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How do you find out you're cancer free?

Seraph98
Posts: 5
Joined: Aug 2012

I was diagnosed with stage 2C. I'm about to go into Round 5, my CA 125 is down to 78 from 485 so chemo seems to be working.

Since I'm nearing the end of treatment I was wondering what do they do to pronounce you cancer free? I'll try to remember to ask my Onc tomorrow but there are a lot of other questions I have for him, it may slip my mind.

Do they do scans, just blood work, both?

Thanks

Glad to be done's picture
Glad to be done
Posts: 558
Joined: Jul 2012

Seraph

When you are done (mine was 1 month after chemo ended) you will go in for a cat scan. If the scan comes back clear or NED (no evidence detected as we all say on here) you are cancer free.. They will continue to monitor you with blood work and scans to keep an eye on you in case of recurrence.

Tethys41's picture
Tethys41
Posts: 1053
Joined: Sep 2010

I don't think they ever really say you are cancer free, just as they don't ever really say you are cured. They can do a scan to determine whether there is no evidence of disease. But it is assumed that there are still cancer cells in your system that could trigger a recurrance.

Seraph98
Posts: 5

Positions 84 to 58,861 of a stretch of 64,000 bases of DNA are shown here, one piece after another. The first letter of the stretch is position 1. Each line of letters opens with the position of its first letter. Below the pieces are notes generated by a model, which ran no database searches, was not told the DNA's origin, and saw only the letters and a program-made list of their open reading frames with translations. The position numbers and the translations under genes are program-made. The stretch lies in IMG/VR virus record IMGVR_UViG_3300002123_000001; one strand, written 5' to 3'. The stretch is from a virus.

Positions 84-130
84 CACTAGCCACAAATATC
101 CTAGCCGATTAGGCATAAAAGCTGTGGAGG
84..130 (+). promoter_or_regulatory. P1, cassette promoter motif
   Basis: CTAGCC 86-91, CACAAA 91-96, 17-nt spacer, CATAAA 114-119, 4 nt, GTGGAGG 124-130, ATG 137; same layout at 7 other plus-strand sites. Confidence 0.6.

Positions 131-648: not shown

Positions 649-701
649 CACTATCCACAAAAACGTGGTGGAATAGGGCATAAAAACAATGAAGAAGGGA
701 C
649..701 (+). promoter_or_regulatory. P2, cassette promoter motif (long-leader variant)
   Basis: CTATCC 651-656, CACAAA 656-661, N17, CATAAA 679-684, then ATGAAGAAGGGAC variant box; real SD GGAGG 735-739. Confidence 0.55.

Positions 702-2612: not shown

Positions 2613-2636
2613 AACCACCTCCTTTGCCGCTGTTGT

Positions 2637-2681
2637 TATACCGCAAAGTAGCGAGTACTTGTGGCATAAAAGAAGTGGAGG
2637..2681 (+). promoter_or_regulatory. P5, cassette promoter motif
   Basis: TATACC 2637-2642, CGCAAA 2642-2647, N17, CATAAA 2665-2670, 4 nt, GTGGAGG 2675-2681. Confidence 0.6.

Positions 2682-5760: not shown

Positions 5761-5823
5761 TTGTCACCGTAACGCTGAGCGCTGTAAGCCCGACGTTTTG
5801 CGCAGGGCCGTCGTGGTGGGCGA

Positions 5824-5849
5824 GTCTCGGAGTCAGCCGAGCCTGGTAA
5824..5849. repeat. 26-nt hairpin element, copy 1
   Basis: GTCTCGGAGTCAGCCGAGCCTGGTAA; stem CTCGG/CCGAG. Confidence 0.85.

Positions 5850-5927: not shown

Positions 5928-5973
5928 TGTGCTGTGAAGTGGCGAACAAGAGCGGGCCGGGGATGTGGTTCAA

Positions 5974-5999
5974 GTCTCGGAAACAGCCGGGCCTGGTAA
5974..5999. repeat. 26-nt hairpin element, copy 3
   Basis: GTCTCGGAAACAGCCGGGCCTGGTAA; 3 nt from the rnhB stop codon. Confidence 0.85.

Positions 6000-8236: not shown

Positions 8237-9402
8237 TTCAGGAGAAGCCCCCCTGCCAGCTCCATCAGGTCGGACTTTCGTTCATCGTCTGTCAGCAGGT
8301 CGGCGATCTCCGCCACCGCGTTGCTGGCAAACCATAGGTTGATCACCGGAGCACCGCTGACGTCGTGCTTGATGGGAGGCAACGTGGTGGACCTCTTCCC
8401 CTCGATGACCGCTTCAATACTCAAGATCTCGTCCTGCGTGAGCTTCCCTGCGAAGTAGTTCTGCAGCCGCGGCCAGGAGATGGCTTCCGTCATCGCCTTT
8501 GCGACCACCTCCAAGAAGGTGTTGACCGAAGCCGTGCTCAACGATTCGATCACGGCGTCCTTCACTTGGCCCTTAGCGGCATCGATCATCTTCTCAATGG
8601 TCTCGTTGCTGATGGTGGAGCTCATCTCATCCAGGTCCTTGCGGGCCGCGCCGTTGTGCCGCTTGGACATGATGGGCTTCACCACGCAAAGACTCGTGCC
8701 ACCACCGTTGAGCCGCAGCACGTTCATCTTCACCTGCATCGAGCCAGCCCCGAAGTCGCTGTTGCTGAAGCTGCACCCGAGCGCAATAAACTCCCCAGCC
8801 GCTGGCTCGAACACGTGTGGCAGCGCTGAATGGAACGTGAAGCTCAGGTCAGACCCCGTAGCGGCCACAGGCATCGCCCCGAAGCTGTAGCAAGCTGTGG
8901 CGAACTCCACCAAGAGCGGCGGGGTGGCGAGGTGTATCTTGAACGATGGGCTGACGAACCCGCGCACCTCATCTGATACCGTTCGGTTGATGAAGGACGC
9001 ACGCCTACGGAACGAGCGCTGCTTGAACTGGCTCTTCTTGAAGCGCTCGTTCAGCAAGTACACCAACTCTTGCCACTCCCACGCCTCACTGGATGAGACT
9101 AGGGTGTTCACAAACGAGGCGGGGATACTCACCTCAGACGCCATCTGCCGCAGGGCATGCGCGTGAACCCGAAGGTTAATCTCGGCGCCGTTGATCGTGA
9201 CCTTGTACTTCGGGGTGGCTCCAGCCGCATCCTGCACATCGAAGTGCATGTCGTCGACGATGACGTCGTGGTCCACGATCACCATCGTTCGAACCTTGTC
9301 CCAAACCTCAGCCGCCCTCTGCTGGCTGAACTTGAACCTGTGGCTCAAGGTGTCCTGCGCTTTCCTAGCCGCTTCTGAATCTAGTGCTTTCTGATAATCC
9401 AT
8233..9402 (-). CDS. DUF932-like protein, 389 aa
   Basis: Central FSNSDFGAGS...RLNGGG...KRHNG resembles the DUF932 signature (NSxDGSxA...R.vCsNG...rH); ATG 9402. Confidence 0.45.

Joined: Aug 2012

One part of my diagnosis was that there were free floating cancer cells in my peritoneum. That's the main reason I get the IP chemo twice a round. My CA 125 continues to come down and is almost normal with two rounds to go. I asked my Onc yesterday about what he does at the end and he really stressed that they prefer to go by the CA 125 and not subject me to radiation unless there appears to be a reason.

So, after my CA 125 goes down I guess I'll be considered probably cured... but like you said a recurrence could happen.

Mwee's picture
Mwee
Posts: 1312
Joined: Nov 2009

They don't really use words like cured, unfortunately. It's more like NED (no evidence of disease). Your CA-125s will be checked at post chemo ONCs appts. and you'll be monitored closely for for as often and as long as you need. The chemo you're taking will go after any stray cells. I'm a six year survivor and as hard as it is to do, try to concentrate on the excellent news that the chemo is getting you closer to the normal CA-125 range, take great care of yourself and try not to stress too much. We'll be right here every step of the way.
(((HUGS))) Maria

kimberly sue 63's picture
kimberly sue 63
Posts: 389
Joined: Apr 2012

all of us probably had positive cancer cells in the peritoneum because there is cancer on the organs residing in that area. My washings were also positive. But it makes sense because think about cancer on your ovary and it sits there and sheds to the peritoneum. Also, when they check that it is a wash and then they check the fluid they pull out. Kim

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